Diversity Is Just A Good Business Practice

by Leslie Harris

Workplace diversity has many tangible benefits that impact the company’s bottom line and yet it continues to be an issue despite genuine efforts to bring about change. Our aim is to bring light to the many issues that plague marginalized groups in the field of advertising and to uncover ways to find solutions.

What is workplace diversity?

Workplace diversity describes a work environment that is both diverse and inclusive. In an environment such as this, employees from different backgrounds, races, religions, sexual orientation and preference, and other protected classes are welcome and accepted.

What is hidden bias?

Hidden or implicit biases are attitudes and stereotypes that affect our understanding, actions, and decision-making processes. Hidden biases often manifest into something called microaggressions. Microaggressions are any action that communicates hostile or derogatory insults against members of a marginalized group. In many cases, microaggressions at work are accidental or unintentional and usually a result of ignorance, but that doesn’t make them hurt any less. Fostering an environment that is diverse can help your organization mitigate the number of microaggressions, creating a more inclusive and productive environment for employees. 

Why is workplace diversity important?

As businesses become more globalized, creating organizations that are truly diverse and inclusive gives businesses the advantage of differing ideas and perspectives that have the potential to increase profits. When our workforce is not reflective of the world’s diverse population, it is not only a moral issue but also a business issue.

Workplace diversity is usually mentioned in the context of a business social responsibility and reputation, however, diversity has many tangible benefits that directly impact the bottom line of a business. Businesses that embrace diversity and inclusion have a better standing in the market than those that resist the change. 

Here are 4 reasons why diversity is a good business practice:

  • More Creativity
    • Different people come from different walks of life. Diverse backgrounds mean more creative energy in the room which opens up your organization to new viewpoints and ideas. 
  • Understanding Consumers Better
    • Having a diverse conference room means you have more representation from different groups. This gives your organization the opportunity to have better and more accurate insights into varying demographics.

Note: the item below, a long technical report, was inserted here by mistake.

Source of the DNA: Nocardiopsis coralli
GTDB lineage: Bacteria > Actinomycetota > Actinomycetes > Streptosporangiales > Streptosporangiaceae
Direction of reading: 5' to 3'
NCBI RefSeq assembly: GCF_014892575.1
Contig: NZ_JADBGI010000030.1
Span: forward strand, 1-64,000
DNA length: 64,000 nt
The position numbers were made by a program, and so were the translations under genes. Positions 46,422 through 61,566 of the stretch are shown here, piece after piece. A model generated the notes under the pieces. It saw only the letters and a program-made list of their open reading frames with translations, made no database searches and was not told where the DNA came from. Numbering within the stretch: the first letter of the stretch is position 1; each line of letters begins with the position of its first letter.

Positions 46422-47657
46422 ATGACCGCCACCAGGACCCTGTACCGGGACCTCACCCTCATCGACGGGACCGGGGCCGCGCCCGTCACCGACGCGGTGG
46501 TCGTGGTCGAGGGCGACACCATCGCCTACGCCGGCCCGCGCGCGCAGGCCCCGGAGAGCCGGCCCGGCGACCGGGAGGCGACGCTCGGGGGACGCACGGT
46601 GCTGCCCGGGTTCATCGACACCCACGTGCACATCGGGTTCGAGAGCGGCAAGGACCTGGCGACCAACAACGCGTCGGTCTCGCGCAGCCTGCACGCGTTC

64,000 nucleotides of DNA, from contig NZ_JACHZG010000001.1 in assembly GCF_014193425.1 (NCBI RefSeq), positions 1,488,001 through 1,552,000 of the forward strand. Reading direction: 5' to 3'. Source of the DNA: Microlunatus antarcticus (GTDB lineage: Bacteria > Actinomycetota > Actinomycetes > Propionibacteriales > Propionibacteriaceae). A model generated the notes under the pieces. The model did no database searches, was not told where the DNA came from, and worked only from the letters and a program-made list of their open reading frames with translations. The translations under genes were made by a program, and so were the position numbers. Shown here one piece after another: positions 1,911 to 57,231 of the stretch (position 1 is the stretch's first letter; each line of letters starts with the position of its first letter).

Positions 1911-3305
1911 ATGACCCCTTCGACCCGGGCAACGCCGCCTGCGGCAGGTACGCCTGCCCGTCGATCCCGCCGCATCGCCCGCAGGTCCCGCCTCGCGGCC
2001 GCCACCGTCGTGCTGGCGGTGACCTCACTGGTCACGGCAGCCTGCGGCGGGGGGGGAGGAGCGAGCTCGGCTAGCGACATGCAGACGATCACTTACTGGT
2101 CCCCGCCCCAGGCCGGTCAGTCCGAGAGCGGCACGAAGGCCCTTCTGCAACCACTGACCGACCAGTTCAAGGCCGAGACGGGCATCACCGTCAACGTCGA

• Better Brainstorming
    • Diversity in opinions and ideas can lead to more opportunities for innovation in sectors your organization may have never considered before. Inclusive workplaces foster innovation and introduce opportunities to new markets that have been overlooked in the past. Up until recent years, there were a number of small companies such as Asiya making modest sportswear for Muslim women and girls. It wasn’t until 2017, that companies like Nike saw the value in marketing to groups like this.
  • Fewer Failures
    • Imagine if Gucci had someone of color at the table before they introduced their infamous blackface turtleneck sweater? Having people representative of different groups can mean fewer mess ups for your business. Perhaps next time, Gucci will consult Dapper Dan.

Obviously, these are all great reasons to have a diverse workplace. For those of you that need stone-cold data, here are the facts:

  • Diverse companies outperform industry medium norms by 35% (McKinsey)
  • 67% of job seekers said diversity was an important factor when looking for work(Glassdoor)
  • Diverse companies generate more revenue (American Sociological Society)

Environments, where everyone takes the same actions for the same reason, leads to stagnation. Without diversity and inclusion, organizations limit themselves and their capability to make good work. In today’s world, it is necessary to be an inclusive organization in order to thrive in the competitive global market and to create a welcoming and comfortable environment for all.

Stay tuned for an upcoming webinar on the topic.






Leslie Harris

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